Residents of the Rainy River watershed in Ontario and Minnesota expressed different preferences for new rule curves during a series of public hearings held by the IJC from Aug. 16-18. The hearings were designed to gather public input on the International Rainy-Namakan Lakes Rule Curve Study Board’s draft recommendations to the Canadian and US governments, and the IJC’s position on the proposals.
Rule curves are the upper and lower water level ranges that water managers try and keep within throughout the year. Generally speaking, the aim is to allow the lakes to fill in the spring for a number of interests – including recreation, hydropower and ecological needs – and that keep water levels up through the summer and fall months, and then draw the water levels down in the winter. The last changes to the Rainy-Namakan rule curves took place in 2000 with the requirement that they be revisited in 15 years; the study board was appointed by the IJC in 2015.
The study board released a series of draft changes and recommendations to the rule curves and how water levels are managed, notably adjustments to the curves to improve ecological outcomes for muskrats and fish (and in turn bring bad news for invasive cattails, as more muskrats should be able to bring them under control). These changes entail adjusting the timing of the water drawdown on Namakan Lake and including different rule curves in case of high flood risk springs on Rainy Lake (known as alternative C). Another proposed adjustment to the 2000 rule curves, known as alternative B, is essentially the 2000 rule curves with the addition of conditional springtime high flood risk rule curves on Rainy Lake.
Residents of Rainy Lake were largely supportive of alternative C, which is the option the IJC is supporting. That proposal should reduce flood risks on Rainy Lake and provide other benefits to both lakes. Residents around Namakan and Kabetogama lakes were generally supportive of new rule curves but raised concerns about the timing of the draw down on Namakan Lake under alternative C. The IJC is reviewing those concerns, which include worries about walleye reproduction and flood risks. Study board Co-Chair Matt DeWolfe concluded in a summary to the Commission that there doesn’t seem to be any increased flood risk under alternative C, and the study board more broadly concluded in the same summary that the plan should increase spawning for walleye, northern pike, cisco and lake whitefish.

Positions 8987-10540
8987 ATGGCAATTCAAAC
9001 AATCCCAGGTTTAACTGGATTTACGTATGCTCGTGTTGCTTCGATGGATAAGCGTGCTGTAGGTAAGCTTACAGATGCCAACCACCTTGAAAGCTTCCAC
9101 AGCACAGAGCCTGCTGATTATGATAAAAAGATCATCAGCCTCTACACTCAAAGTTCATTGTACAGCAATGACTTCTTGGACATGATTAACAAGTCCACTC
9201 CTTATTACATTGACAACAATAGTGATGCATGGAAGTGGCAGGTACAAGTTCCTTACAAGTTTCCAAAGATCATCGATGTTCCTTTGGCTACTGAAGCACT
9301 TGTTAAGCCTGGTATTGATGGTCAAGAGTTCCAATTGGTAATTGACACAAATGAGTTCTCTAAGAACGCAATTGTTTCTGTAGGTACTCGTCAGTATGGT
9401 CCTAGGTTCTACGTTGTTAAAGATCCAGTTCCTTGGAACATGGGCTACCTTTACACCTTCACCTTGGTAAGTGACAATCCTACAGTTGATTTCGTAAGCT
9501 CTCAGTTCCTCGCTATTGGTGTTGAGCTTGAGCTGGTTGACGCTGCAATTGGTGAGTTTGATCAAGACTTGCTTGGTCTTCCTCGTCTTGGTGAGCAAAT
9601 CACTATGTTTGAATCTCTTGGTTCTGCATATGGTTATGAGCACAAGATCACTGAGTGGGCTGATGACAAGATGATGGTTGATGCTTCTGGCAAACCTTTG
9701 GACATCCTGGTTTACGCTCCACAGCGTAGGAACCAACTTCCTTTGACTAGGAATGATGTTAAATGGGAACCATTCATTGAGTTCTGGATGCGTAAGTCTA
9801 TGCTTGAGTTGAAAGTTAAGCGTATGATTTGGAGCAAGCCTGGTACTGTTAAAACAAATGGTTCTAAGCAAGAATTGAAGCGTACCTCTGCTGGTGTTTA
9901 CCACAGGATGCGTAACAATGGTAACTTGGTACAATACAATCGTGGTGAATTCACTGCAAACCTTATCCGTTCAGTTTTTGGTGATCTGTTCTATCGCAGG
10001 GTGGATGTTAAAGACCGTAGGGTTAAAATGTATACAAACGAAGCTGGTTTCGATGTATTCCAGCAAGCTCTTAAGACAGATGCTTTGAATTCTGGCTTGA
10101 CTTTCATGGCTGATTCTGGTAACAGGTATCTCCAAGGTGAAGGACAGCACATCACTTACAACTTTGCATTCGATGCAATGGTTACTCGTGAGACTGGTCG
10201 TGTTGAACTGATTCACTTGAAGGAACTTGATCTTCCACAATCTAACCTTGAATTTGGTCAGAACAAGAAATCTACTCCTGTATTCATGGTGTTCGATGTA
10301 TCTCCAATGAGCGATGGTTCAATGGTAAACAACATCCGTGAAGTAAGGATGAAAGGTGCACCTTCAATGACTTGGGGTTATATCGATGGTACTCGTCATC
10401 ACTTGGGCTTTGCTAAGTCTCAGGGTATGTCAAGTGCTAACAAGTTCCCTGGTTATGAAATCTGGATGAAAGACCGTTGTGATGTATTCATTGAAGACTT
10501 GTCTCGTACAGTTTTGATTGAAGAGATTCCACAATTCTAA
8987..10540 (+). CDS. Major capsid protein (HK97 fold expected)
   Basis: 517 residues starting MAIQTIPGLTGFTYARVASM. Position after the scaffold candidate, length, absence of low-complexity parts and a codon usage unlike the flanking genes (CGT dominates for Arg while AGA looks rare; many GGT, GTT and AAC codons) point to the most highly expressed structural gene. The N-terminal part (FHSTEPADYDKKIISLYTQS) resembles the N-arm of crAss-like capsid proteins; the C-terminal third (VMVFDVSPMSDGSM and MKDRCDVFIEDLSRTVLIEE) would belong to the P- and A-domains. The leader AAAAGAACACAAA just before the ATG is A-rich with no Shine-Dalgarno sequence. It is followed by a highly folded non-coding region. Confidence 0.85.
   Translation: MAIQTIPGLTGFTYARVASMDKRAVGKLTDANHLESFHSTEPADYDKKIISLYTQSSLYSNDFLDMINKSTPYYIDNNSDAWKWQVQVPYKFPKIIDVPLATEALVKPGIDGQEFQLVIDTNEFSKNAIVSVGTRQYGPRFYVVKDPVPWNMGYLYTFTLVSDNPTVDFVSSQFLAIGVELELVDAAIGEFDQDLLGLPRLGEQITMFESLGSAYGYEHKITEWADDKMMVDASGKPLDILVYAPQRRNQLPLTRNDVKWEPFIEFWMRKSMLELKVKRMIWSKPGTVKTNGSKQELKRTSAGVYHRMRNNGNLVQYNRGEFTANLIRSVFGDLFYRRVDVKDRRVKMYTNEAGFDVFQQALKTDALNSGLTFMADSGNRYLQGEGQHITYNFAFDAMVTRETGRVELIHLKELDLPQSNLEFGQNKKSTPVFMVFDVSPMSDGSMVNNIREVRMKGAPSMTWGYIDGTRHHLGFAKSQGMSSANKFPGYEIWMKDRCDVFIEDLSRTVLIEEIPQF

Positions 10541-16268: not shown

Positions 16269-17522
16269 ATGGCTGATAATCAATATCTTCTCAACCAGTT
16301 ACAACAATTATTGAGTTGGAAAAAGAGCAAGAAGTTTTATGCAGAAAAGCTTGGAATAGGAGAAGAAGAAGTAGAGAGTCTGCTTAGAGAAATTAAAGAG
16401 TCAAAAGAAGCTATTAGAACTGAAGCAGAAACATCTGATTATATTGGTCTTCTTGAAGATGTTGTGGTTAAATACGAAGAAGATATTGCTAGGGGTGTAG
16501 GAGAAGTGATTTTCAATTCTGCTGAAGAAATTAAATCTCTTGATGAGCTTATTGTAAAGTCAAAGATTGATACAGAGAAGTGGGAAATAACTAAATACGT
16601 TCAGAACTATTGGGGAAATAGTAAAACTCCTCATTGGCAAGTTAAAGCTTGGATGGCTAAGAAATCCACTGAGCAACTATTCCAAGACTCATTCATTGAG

Other issues raised at the public meetings were the impacts of climate change on the basin – such as more extreme variability in rain events, ice leaving the system earlier, and more pollen. Attendees also discussed the presence of three “pinch points” that serve as locations where water flow is constricted, such as the Pither’s Point constriction upstream of the Rainy River and the old Koochiching Falls area upstream of the dam on Rainy Lake. There are also concerns that manmade structures such as a rail bridge could be pinch points and cause flooding if debris falls into the water passages. Residents wanted to see the impacts of easing these constrictions studied further for their impacts on flooding risks and dam capacities, as well as the ecological repercussions, feasibility and other dangers. Such a study is outside of the IJC’s authority without being directed by the Canadian and US governments, but according to the Commission’s position paper produced for the public meetings, the IJC plans on notifying the governments about that concern.
Those who attended the public meetings said they were pleased with being included in the discussions for new rule curves, and supported continued local input for decision-making. The IJC will review all comments provided by the public, and will consider them when forming its final order by the end of the year.
Kevin Bunch is a writer-communications specialist at the IJC’s US Section office in Washington, D.C.